Why Delhi Is the World’s Smog Capital Year After Year
(Bloomberg) -- Millions of Indians are breathing the world’s most toxic air. After a brief respite during the pandemic, smog returned this year to envelop the capital Delhi and numerous other cities across the dusty and densely populated North Indian plains. Air pollution in the capital that’s home to 20 million people has proved especially stubborn, and potent: One measure of pollution frequently exceeds the World Health Organization’s daily recommended limits by a factor of more than 20. An estimated 1.67 million people died in 2019 from India’s dirty air -- an annual catastrophe that the authorities are struggling to contain.
1. What causes the pollution?
Vehicles and emissions from factories and coal-fired power stations contribute year-round, as do road and construction dust and domestic fires lit by the poor. A grim extra wallop comes late in the year from the burning of crop stubble in the surrounding states of Punjab, Uttar Pradesh, Haryana and Rajasthan, even though the practice is banned. Farmers light fires to clear fields in preparation for the winter sowing season. Compounding the problem is the trough-like topography of north India, which means polluted air lingers in colder months.
2. What’s the point of stubble burning?
After rice, wheat or other grain is harvested, the stubble that remains must be removed before the next planting. It was once used as cattle feed, or to make cardboard, but modern mechanical harvesting leaves 80% of the residue that ends up being burnt. Disposal by means other than burning -- such as plowing it into a fine layer of field cover -- costs time and money, two things that farmers say they can’t afford. Recent efforts to manage the problem by converting the crop waste into useful energy haven’t yet produced noticeable results.
3. How serious is the health risk?
The Lancet medical journal estimated that almost 18% of India’s deaths in 2019 were caused by bad air. The most dire threat to humans is from PM 2.5, the fine, inhalable particles that lodge deep in the lungs where they can enter the bloodstream. WHO guidelines allow a daily average exposure to PM 2.5 of up to 15 micrograms per cubic meter. Delhi’s reading around noon on Nov. 18 topped 500 in some places. The poor are often most exposed, as they use polluting solid fuels such as wood, dung, coal and charcoal for cooking. By World Bank calculations, diseases, medical conditions and premature deaths linked to pollution cost China and India about 7.5%-8% of their annual gross domestic product.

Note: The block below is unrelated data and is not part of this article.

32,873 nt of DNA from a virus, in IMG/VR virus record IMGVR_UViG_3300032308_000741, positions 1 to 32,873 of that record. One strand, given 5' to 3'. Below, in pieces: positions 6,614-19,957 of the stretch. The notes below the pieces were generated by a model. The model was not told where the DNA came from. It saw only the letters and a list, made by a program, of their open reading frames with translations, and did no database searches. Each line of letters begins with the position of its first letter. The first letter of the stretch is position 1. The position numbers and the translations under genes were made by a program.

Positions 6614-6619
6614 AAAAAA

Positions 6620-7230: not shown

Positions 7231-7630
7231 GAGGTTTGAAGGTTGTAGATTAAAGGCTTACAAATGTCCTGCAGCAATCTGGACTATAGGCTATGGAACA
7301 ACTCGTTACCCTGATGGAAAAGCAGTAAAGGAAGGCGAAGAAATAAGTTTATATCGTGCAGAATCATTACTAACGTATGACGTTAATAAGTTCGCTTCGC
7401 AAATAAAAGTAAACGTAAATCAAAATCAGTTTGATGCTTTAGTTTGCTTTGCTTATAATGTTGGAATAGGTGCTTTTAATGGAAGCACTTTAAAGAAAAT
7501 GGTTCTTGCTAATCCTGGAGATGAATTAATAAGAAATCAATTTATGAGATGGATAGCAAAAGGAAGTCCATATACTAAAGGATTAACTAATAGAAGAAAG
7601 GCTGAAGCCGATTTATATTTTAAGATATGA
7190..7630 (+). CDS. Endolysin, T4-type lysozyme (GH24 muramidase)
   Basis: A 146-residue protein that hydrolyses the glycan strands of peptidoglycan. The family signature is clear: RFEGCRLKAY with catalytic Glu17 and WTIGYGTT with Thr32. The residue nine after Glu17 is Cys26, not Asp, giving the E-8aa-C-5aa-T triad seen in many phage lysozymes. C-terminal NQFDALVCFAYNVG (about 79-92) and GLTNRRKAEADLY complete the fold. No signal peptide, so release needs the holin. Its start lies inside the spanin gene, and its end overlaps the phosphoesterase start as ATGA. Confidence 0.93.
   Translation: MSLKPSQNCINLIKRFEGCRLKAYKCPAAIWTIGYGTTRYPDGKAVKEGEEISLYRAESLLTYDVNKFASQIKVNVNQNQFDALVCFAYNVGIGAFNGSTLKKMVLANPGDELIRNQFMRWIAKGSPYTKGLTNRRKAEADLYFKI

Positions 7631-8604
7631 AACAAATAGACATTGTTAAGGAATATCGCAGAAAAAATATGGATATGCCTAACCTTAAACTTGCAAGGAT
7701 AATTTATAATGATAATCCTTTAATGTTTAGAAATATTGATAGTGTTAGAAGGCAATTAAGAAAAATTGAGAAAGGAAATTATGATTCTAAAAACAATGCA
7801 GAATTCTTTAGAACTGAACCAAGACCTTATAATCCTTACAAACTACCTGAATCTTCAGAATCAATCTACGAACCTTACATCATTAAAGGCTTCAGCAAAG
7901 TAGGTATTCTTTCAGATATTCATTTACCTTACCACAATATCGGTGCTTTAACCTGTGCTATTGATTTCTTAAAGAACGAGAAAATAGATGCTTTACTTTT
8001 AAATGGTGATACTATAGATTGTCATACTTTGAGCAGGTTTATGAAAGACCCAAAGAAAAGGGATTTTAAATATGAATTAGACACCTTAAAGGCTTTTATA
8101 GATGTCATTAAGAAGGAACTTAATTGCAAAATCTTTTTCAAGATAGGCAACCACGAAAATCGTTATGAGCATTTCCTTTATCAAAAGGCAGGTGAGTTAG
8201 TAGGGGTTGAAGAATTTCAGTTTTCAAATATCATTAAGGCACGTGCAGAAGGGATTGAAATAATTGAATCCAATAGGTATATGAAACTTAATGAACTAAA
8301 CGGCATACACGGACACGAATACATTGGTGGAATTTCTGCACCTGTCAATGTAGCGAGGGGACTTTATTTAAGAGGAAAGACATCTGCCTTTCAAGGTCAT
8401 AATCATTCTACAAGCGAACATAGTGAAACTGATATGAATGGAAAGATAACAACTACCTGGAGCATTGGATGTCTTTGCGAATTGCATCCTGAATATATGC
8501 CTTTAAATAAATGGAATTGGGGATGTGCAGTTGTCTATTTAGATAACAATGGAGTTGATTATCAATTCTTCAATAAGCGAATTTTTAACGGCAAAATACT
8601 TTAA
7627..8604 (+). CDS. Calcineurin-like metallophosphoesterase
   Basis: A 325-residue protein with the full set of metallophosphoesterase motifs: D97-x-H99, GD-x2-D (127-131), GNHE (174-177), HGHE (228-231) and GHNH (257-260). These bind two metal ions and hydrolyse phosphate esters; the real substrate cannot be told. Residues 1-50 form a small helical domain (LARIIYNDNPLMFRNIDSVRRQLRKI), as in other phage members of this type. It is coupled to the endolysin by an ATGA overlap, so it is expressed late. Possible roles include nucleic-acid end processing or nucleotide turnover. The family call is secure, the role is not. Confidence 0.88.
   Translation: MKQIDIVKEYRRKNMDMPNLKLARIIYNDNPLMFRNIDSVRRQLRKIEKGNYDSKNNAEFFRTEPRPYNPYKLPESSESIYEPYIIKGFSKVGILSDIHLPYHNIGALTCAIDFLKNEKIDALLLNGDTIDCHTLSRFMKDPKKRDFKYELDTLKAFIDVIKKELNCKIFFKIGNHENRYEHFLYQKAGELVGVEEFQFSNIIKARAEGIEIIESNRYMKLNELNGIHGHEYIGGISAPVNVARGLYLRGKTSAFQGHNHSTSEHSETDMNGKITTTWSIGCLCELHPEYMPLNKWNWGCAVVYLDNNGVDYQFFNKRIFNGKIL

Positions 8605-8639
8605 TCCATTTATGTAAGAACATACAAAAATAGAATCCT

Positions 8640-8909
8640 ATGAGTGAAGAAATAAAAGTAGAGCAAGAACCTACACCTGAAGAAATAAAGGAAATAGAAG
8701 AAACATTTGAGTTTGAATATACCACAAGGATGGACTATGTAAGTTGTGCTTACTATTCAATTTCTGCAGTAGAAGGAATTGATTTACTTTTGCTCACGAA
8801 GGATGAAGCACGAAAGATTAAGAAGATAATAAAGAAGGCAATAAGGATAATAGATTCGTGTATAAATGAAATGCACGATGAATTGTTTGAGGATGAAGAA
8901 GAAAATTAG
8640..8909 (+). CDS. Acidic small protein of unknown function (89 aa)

4. Is it getting better or worse?
The pollution was less intense due to last year’s virus restrictions, as fewer people traveled on the roads and demand for coal-fired power fell. But India was still home to nine of the top 10 most-polluted cities in the world, as measured by PM 2.5, in a study by IQAir AirVisual. Six of the top 10 -- Delhi, Ghaziabad, Bisrakh Jalalpur, Noida, Greater Noida and Bhiwadi -- are part of the National Capital Region. This month, as the pall of smog blanketed the capital once again, the government closed schools, temporarily shut some coal power plants and encouraged residents to stay indoors.
5. How are citizens reacting?
People often complain about the smog on social media, but that’s about it. Some city dwellers even add to the problem by setting off fireworks, ignoring curbs on their sale and use. Yet there are signs that more people are worrying about the impact on their health. Sales of air purifiers and face masks -- driven partly by Covid-19, of course -- are growing, and indoor plants have become a popular addition to Delhi homes. Health groups educating society on the hazards of air pollution say attitudes are slowly changing as people see friends and relatives struck down with respiratory illnesses. Renowned lung specialist Arvind Kumar wrote on Twitter that a child born on a smoggy day in Delhi “would have smoked 40 to 50 cigarettes” on the first day of its life. “We can’t live like this,” said Indian billionaire businessman Sunil Mittal at the Bloomberg New Economy Forum in Singapore in November.
6. Why hasn’t this been fixed?
As an election issue, air pollution tends to take a back seat to unemployment, food and electricity prices, and national security. Candidates for public office are reluctant to tackle stubble burning because farmers are a strong electoral constituency. Unlike in China, where the one-party state has directed a concerted nationwide anti-pollution drive, India’s various levels of government have struggled to make similar progress. Delhi has taken some action against polluting coal plants and vehicles, banned the use of dirtier fuels and curbed construction activity. Yet some of the biggest polluters are being let off, with the government twice extending a deadline for coal power plants to install pollution-control equipment.
7. So what’s next?
In 2021, New Delhi residents breathed less than a week of air deemed “good” under U.S. Environmental Protection Agency guidelines, according to U.S. embassy data through Nov. 5. Migrants continue to pour into India’s big cities from the countryside, increasing urban pollution and the number of potential victims. While stubble burning appeared to be on the decline back in 2018, it continues today, and there is little sign that most farmers are willing to accept the ban. The federal administration says it’s now following a national clean air strategy and has tried to overcome bureaucratic inertia by creating a panel with statutory powers to act on pollution. Critics say the strategy lacks hard targets and that more state resources are needed to force compliance with pollution rules, adopt cleaner fuels and shift to electric cars and mass transit systems.
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